We based our study on a quasi-experimental design on both a control and an experimental group, including a pretest and postest. The main objective was to analyze the impact on learning of ubiquitous AR game approaches in education; the variables analyzed were: academic performance, student skills in searching for, and analyzing, information, level of fun and collaboration established among the students. The hypotheses were: The use of AR in ubiquitous settings improves academic performance (H1); the use of AR improves searching and information analysis skills (H2); the use of AR increases motivation and level of fun (H3); the use of AR and ubiquity fosters collaboration (H4). The research was structured around the following dimensions, with the indicators and instruments described for each dimension (Table 1).
This research was developed in a public Primary Education school in the Autonomous Community of Madrid, and it was applied to all the students in sixth grade (91 students) who attended Art Education classes. The experimental group consisted of 69 students, who searched for information using technological devices (Dimension 1) with the “WallaMe” app during five sessions that were part of a didactic unit on “Art in Europe” (Dimension 2).
The control group was formed of 22 students in a class that studied the same unit but using a textbook and “traditional” forms of teaching, with an expositional approach and teacher-centered focus. The sampling was non-probabilistic and intentional. The experimental group had 34 girls and 35 boys; the control group had 13 girls and 9 boys. The pretest control for knowledge of “Art in Europe” in the two groups showed that both sets of students had the same level of knowledge.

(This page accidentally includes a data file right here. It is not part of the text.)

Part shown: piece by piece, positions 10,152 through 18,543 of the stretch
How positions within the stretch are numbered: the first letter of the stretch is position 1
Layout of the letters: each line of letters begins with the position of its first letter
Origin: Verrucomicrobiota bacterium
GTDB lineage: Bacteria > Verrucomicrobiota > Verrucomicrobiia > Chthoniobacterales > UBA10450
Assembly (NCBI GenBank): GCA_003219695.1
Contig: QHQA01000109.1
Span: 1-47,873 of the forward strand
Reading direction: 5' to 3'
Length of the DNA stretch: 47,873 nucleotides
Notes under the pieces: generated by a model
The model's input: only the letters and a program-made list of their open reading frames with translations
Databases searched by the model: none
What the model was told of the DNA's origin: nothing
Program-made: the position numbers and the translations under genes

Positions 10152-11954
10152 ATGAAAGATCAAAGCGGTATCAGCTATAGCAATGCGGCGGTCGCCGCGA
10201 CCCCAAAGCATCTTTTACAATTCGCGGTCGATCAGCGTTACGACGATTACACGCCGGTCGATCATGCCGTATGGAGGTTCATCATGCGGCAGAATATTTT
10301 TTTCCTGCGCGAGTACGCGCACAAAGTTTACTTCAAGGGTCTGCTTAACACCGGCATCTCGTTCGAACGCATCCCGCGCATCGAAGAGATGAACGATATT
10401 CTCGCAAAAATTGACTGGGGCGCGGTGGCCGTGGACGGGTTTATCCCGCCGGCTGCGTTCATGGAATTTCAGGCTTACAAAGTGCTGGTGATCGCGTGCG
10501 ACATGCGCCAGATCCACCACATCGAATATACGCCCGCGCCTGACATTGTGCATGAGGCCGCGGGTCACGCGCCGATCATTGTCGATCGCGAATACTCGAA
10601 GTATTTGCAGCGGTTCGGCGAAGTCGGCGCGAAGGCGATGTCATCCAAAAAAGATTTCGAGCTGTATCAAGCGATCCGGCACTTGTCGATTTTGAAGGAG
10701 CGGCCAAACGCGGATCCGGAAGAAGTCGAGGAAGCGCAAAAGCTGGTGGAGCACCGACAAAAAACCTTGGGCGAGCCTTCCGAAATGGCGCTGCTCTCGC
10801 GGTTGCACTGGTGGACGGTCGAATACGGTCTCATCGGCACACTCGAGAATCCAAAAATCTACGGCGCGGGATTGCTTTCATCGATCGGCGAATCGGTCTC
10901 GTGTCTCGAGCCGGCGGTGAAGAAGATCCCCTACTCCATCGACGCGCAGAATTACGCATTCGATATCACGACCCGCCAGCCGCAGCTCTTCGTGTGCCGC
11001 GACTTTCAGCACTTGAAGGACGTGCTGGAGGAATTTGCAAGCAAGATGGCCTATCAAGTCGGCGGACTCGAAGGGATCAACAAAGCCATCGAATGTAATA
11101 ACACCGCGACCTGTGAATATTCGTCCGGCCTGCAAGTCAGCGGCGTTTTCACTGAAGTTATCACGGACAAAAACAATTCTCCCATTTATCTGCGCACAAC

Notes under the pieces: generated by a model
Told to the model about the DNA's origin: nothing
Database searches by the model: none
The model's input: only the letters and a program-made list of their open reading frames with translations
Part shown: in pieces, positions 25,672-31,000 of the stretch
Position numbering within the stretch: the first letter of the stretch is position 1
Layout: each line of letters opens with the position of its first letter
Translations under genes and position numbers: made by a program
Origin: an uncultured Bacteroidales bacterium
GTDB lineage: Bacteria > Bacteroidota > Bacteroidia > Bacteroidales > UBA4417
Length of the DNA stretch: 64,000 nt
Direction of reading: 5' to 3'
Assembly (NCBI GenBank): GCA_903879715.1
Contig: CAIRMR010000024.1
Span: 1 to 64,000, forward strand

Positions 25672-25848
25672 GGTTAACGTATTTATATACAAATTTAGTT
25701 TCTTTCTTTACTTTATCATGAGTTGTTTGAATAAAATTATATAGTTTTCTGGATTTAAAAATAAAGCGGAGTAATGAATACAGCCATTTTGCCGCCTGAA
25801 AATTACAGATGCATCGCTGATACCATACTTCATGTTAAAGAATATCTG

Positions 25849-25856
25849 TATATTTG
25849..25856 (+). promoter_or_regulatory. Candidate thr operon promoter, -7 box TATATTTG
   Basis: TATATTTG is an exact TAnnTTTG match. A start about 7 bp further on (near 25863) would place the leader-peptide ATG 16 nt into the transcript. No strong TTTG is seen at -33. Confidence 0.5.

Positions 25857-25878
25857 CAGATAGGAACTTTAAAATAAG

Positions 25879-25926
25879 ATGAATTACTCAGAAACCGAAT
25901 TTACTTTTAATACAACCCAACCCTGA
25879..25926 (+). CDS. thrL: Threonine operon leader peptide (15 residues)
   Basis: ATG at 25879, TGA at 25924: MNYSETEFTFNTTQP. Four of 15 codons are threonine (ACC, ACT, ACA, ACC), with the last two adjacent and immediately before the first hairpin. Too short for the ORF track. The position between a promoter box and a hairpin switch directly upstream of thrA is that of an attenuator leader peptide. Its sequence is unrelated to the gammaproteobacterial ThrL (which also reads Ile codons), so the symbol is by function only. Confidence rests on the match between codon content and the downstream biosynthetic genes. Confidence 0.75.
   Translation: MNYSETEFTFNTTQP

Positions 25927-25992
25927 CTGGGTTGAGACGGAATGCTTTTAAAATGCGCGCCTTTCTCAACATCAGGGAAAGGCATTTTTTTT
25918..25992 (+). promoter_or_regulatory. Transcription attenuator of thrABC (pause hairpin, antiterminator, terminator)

Based on the conceptual definition described in the theoretical section of this article (Mathews, 2010; Rosenbaum, Klopfer, & Perry, 2007; Squire & Jan, 2007; Squire & Klopfer, 2007), the analysis of the tools and intervention centered on the application of game- and situation-based learning. The categories that framed the analysis and application were:
Approaches that emphasize student interactions with physical locations.
Approaches that emphasize the design of learning tasks.
In dimension 1, the analysis centered on the students’ ability to search for, select and analyze information using their mobile phones, thus, ubiquitous learning. The 5 sessions in Art Education were aimed at learning about works of art in Europe. The students were organized individually and later in groups, to carry out searches for information relating to the paintings in different countries, analyzing artistic styles, historical context, the artists, and social and cultural repercussions (Figure 1). Dimension 2 consisted of an intervention in the 5 sessions of the “Art in Europe” unit. Here the students had to download the free “WallaMe” app to their phones (Figure 2).